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Not Puzzles, but Scenes: Cinematic Gameplay Interactions
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Not Puzzles, but Scenes: Cinematic Gameplay Interactions

June 5, 2013 Article Start Previous Page 2 of 5 Next

Why this "Perfect" Idea Didn't Work

Deadlight is an old school game with an inventory, but it isn't a graphic adventure. Graphic adventures rely on players revisiting areas in order to look for missing items and to try new item combinations. And at that moment, we couldn't support this backtracking.

Firstly, we had already built a lot of the scenarios of the game (around 40 percent of the content was already there), and they simply hadn't been designed for it. They had been conceived as a completely linear, cinematic experience.

Zombies and traps were triggered assuming that the player will arrive from a specific direction; cutscenes were triggered on the same basis; even the navigation and the layout were meaningful and interesting only if the player was moving in a predefined direction.

That means that if the player decided to go back, he would find completely dead and empty areas without any interest. Backtracking would have been painful and boring.

Secondly, as Deadlight is a game that relies heavily on graphics, we had plenty of no-turning-back zones in order to deal with the streaming of Unreal Engine. If the player misses an object in one scene, we simply won't be able to go back for it.

In the end, we had already created an extremely linear, but appealing, game experience. And then it was supposed we should simply "add puzzles" to it.

We tried to include a few inventory-based puzzles, but we simply didn't have time to rebuild the levels. We had half a year for the alpha submission and we still had to finish the ranged combat system, the AI, the melee...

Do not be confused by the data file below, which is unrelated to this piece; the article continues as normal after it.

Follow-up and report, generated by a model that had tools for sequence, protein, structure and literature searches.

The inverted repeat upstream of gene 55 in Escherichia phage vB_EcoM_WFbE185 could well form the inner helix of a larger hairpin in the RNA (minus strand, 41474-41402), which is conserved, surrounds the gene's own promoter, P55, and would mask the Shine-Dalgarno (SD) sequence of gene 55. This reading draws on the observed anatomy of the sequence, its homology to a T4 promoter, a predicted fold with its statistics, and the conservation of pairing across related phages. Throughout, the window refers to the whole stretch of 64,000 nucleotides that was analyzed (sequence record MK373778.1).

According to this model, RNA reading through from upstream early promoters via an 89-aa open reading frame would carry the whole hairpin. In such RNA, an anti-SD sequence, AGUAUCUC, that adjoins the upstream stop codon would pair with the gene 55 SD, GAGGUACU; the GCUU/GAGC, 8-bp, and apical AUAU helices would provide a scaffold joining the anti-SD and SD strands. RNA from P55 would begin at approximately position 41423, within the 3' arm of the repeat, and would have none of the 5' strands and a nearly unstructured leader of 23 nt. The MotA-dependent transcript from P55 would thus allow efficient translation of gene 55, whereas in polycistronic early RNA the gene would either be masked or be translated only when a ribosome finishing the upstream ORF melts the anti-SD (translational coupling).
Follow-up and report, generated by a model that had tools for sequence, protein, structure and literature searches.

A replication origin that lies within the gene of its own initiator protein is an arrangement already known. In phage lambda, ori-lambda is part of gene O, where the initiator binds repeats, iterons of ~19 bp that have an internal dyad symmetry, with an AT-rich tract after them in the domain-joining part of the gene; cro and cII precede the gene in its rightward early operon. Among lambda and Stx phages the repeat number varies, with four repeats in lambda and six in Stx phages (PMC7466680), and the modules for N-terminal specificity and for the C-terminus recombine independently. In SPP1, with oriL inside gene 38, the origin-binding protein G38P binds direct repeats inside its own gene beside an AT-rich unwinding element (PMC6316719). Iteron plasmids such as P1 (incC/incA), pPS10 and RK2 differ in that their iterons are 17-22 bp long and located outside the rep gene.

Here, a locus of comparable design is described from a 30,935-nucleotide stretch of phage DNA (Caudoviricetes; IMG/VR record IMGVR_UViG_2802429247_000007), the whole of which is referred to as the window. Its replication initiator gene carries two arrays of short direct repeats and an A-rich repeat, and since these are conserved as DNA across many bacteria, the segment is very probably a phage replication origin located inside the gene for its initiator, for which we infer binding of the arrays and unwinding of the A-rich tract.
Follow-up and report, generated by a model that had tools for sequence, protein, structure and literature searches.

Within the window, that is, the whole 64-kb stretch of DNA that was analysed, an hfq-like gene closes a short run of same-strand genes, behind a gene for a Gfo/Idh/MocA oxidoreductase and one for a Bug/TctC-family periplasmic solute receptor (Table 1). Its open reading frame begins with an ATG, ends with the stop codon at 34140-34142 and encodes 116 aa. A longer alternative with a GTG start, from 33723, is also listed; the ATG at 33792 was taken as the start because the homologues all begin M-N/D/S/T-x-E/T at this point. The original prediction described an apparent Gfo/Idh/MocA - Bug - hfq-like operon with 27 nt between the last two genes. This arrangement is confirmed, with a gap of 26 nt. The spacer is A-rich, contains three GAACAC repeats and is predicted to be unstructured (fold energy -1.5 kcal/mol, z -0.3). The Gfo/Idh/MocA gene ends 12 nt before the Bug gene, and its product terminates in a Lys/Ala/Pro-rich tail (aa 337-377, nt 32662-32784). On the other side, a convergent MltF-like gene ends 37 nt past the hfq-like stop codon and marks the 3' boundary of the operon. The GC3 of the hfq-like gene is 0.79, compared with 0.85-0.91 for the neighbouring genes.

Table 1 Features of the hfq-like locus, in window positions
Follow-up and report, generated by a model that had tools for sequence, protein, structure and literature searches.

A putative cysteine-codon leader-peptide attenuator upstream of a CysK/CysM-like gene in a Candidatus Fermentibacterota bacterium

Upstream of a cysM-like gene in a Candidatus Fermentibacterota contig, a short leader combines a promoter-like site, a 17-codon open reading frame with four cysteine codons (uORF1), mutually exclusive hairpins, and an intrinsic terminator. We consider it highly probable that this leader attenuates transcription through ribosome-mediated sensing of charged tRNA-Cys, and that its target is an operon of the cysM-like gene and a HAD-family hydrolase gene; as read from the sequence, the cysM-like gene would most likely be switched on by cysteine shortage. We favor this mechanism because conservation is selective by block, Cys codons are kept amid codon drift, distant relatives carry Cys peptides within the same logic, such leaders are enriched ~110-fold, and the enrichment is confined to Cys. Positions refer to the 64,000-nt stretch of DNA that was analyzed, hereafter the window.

We desperately needed to close the layout of all the levels. We didn't have time to keep looking for solutions. So we decided to cut the feature. Our puzzles couldn't rely on an inventory system.

We changed our focus, starting to look in more detail at games of reference. At the end of the day, Limbo was an extremely successful game full of puzzles and no inventory.

What We Had to Change

Removing the inventory meant that the player would not need to look for and to carry items to solve the puzzles. But we still believed that making the player to explore and investigate was something really important to establish the mood of the game.

Moreover, our artists had already created dozens of evocative, highly detailed game areas, some of them off the main path, and it would had been painful to not guide the players to them.

They only thing we could do was to take the collectibles and the ammo picks and make them play this role. In this way, collectibles turned out to be something much more important than just an achievement or a trophy. Apart from their narrative role, they let us to populate every corner of our maps with something to reward the players and to foster that survivor-like exploration we were seeking.

The other big consequence of removing the inventory was that we needed to simplify the puzzles we had already built. From that moment, all the puzzles had to be solved using just the navigation system, simple combat actions, plus the standard interaction button: "Press A to do X," where X could be "open a door," "turn on the lights," "push the crate," etc.

In other words, we started to morph our graphic adventure puzzles to Limbo-like puzzles. 

Article Start Previous Page 2 of 5 Next

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